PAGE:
How Medicaid Programs Run by the U.S. States Influence Citizen Participation

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In June 2012, the Supreme Court upheld the core of the Affordable Care Act but said that each state could decide whether or not to implement a core provision, the expansion of Medicaid to cover low-income people just above the poverty line. That judicial development triggered partisan battles over Medicaid expansion. More than two dozen states have agreed to take federal funds to enroll more people in Medicaid, but twenty-three states led by Republicans are so far refusing.

As the battles rage on, the people we almost never hear from are those currently enrolled in Medicaid. Why? The easy answer is that many of those who utilize Medicaid are poor, and impoverished Americans participate less readily than others in elections and other arenas of democracy. But in addition to low levels of income and educational attainment, could there be something about Medicaid itself that discourages many beneficiaries from active political participation? My research looks into this question, asking how poor people’s experience of receiving Medicaid influences their political outlooks and participation in democratic citizenship. The findings are in many ways troubling – and they underscore the impact of varied experiences with Medicaid and associated social and institutional realities in different U.S. states.

Social Programs and Democratic Citizenship

Why would anyone think that Medicaid could influence the political participation of those who receive benefits? Scholars have learned that government programs can influence civic and political engagement by channeling resources, mobilizing interests, and shaping people’s perceptions of government and their own capabilities as citizens. Still, when I began interviewing unemployed inner city residents of Chicago in 2009, Medicaid was not on my radar. It only emerged as the people I spoke with talked about the challenges of securing health benefits for themselves and their families. Over the course of dozens of interviews, beneficiaries voiced an acute awareness of the direct part that government played in determining their access to health services. For many of them, Medicaid affected vital and sometimes intimate aspects of their lives. One male research participant, for example, refused to marry his high school sweetheart out of fear the he would lose his Medicaid coverage, and consequently lose access to treatments for a life threatening chronic health condition. Such situations were not uncommon, as my respondents were often quite articulate about the profound influence of government-funded health benefits on their lives.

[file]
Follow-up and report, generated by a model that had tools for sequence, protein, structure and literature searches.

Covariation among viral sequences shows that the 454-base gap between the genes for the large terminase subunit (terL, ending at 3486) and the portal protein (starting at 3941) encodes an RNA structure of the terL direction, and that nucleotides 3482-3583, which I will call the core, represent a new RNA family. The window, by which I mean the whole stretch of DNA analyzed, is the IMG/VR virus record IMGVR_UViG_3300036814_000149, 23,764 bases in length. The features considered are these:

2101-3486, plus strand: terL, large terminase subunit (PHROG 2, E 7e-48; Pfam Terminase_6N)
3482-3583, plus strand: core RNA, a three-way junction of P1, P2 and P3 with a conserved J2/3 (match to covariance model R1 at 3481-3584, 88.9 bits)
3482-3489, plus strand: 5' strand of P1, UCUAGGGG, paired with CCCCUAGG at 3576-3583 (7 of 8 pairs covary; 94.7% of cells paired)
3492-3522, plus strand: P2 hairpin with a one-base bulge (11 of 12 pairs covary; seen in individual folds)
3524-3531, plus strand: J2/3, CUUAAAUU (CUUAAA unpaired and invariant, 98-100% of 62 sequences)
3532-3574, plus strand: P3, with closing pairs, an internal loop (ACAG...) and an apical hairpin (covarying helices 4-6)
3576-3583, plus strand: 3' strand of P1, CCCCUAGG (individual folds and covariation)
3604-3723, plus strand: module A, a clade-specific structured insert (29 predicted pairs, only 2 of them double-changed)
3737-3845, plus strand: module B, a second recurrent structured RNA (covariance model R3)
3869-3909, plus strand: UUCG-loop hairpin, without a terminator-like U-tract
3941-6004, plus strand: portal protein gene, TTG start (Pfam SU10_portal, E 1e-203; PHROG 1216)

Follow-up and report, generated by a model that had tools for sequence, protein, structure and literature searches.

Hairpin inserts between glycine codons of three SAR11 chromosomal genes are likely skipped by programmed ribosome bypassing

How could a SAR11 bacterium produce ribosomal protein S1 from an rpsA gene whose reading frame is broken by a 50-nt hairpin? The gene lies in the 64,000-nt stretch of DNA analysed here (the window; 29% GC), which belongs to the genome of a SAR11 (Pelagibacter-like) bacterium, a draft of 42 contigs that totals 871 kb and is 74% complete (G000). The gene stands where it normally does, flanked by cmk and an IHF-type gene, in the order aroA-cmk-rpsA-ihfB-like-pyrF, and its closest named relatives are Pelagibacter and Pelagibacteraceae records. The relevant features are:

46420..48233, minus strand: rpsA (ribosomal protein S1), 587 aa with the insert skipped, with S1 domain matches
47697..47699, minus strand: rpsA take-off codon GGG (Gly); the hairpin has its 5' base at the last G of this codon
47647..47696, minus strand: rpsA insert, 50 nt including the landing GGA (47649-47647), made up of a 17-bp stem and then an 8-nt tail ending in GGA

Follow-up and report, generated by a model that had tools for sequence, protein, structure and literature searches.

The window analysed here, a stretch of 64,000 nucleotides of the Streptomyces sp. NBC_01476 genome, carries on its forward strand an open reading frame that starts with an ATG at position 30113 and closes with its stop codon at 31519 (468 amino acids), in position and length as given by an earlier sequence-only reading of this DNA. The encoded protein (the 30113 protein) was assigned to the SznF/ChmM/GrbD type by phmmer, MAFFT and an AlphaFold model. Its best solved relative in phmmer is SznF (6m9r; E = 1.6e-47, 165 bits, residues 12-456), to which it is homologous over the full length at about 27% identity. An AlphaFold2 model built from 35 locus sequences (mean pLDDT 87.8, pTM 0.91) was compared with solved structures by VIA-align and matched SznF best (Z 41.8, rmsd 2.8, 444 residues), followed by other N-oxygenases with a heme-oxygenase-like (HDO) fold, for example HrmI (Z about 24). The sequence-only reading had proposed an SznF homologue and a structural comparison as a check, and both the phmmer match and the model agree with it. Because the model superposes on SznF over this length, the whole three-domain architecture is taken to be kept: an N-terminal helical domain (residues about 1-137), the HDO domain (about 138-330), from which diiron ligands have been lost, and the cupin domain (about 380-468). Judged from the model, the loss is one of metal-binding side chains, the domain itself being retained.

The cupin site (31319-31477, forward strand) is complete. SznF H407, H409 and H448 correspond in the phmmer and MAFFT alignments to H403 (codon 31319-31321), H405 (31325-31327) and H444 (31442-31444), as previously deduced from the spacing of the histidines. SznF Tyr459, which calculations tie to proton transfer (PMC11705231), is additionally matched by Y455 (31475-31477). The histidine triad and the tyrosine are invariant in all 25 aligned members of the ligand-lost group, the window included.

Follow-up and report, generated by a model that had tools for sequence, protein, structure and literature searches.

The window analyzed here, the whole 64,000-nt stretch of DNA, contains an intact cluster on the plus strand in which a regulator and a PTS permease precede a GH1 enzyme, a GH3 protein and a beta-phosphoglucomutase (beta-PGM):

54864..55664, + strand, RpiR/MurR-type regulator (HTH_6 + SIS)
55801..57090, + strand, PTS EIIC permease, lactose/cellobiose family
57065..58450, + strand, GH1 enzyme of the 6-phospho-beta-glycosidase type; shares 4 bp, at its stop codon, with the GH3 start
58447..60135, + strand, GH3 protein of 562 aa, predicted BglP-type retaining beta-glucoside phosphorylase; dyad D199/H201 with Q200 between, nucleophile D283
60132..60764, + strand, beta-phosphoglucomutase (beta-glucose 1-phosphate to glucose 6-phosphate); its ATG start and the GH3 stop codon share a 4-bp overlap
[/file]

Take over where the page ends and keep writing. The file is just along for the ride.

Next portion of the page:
A Study of Medicaid’s Political Impact